The present invention pertains to plating three-dimensional substrates such as the polymers formed into pads containing a matrix of cones that are used as an electrical interconnection in electronic packaging applications such as in integrated circuit chips and circuit boards, cards, cables, and modules. One way of forming the cones is to begin by laminating a 3 mil layer of Vacrel onto copper circuitry. The Vacrel layer is then exposed and developed to form pads on the circuitry, and then laser ablated to form 3 mil high cones. The pads and cones then must be metallized, while leaving the surrounding dielectric material (i.e., polymide or epoxy) free from metal deposits. The present invention provides a method for performing the metallization of the cones or other three-dimensional surfaces.

In the first step of the method, a patterned metal seeding layer is initially formed on the three-dimensional substrate surface of interest, using the photoselective process described below. Here, the patterned metal seeding layer is preferably of palladium (Pd). Alternatively, the patterned metal seeding layer is of platinum (Pt), gold. (Au) or silver (Ag).

According to the photoselective process of the present invention, the surfaces of the c and pads are micro-etched. A bath of seeding solution is then formed, into which the three-dimensional micro-etched substrate is to be dipped. Alternatively, this bath is used as a source of seeding solution which is spray-coated onto the substrate. Significantly, this seeding solution is an aqueous solution, and has a composition which includes a metal-containing, water-soluble compound and a photoreactive, water-soluble, oxalate compound. (For purposes of the present invention, a photoreactive oxalate compound is an oxalate compound which, when impinged -by light of appropriate wavelength, undergoes a reaction with the metal-containing compound, during which the metal ion in the metal-containing, compound is reduced to the corresponding base metal.)

The metal-containing, water-soluble compound, referred to above, has the general chemical formula MLmXn, where M denotes a metal cation, L is a nitrogen-containing, Lewis base ligand, X denotes an anion and m and n denote integers. If the patterned seeding layer is to be of palladium (Pd), platinum (Pt), gold (Au) or silver (Ag), then M denotes Pd(2+), Pt2+), Au(1+), Au(3+) or Ag+1. (As is conventional, the superscripts used throughout this disclosure denote oxidation states). The Lewis base ligand, L, is a monodentated or polydentated ligand such as, for example, NH3 or ethylenediamine. The anion, X, is, for example, F(−1), Cl(−1), Br−1), (SO4) (−1) or (NO3) (−1). If, for example, M denotes Pd(2+), then MLmXn is preferably Pd( (NH)3)4Cl2, which is just tetraamine palladium chloride, more conventionally written (NH3)4PdCl2. Of course, hydrated forms of the above-described metal-containing compound, N are also encompassed by the present invention.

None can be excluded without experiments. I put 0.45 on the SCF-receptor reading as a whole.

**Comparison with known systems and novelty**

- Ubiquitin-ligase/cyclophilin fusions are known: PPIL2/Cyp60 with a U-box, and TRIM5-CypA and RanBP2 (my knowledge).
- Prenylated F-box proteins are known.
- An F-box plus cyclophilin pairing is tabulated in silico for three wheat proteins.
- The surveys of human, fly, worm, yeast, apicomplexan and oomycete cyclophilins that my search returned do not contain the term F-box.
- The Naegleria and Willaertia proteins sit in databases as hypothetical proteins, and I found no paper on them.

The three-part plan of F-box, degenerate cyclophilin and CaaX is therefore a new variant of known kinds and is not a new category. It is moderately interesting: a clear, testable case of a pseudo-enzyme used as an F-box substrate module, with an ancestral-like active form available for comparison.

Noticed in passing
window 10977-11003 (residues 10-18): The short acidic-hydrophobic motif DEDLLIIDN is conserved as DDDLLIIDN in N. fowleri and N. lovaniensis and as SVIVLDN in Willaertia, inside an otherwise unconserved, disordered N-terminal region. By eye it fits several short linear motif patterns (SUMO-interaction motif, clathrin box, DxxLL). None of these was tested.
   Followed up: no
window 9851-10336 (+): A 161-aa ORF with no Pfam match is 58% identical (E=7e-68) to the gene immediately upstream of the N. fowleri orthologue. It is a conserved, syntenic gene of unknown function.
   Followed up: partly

The photoreactive, water-soluble, oxate compound, referred to above, has the general chemical formula YpM((C2O4)3)p, where p denotes an integer. Here, Y denotes, for example, an alkali metal ion, such as K(+1) or Na(+1). Alternatively, Y denotes or includes the quaternary ammonium ion, i.e., (NH4) (+1). In addition, M denotes either the iron ion, i.e., Fe(+1), or the ruthenium ion, i.e., Ru(+3). If the patterned seeding layer is to be of, for example, palladium, then the photoreactive, water-soluble, oxalate compound is preferably potassium iron oxalate (potassium trioxalatoferrate), i.e., K3Fe( (C2O4)3. Hydrated forms of the above-described photoreactive, water-soluble, oxalate compound, YpM((C Q)4)3,p are also encompassed by the present invention.

While not essential, the seeding solution bath preferably also includes a surfactant, such as the surfactant sold under the trade name Triton X-100 by the Robm Haas company of Philadelphia, Pa.

To ensure complete reduction of the metal-containing compound by the photoreactive oxalate compound in a seeding solution bath, the mole ratio of the latter to the former should be at least 8:1, and is preferably 10:1. Keeping this limitation in mind, the concentration of the metal-containing compound in the seeding solution bath ranges from about 4 grams per liter of water (g/L) to about 9.5 g/L, and is preferably about 7 g/L. Concentrations less than about 4 g/L are undesirable because an undesirably small amount of seed metal is deposited onto the corresponding substrates. Concentrations greater than about 9.5 g/L are undesirable because the seeding solution becomes saturated with metal-containing compound at a concentration of about 9.5 g/L, and further additions of such compound are not dissolved in the solution.

The concentration of the photoreactive oxalate compound in the seeding solution bath ranges from about 25 g/L to about 65 g/L, and is preferably about 47 g/L. Concentrations less than about 25 g/L are undesirable because this implies there is insufficient photoreactive material to reduce all the metal in the metal-containing compound. Concentrations greater than about 65 g/L are undesirable because the seeding solution becomes saturated with the oxalate compound at a concentration of about 65 g/L, and further additions of such compound are not dissolved in the solution.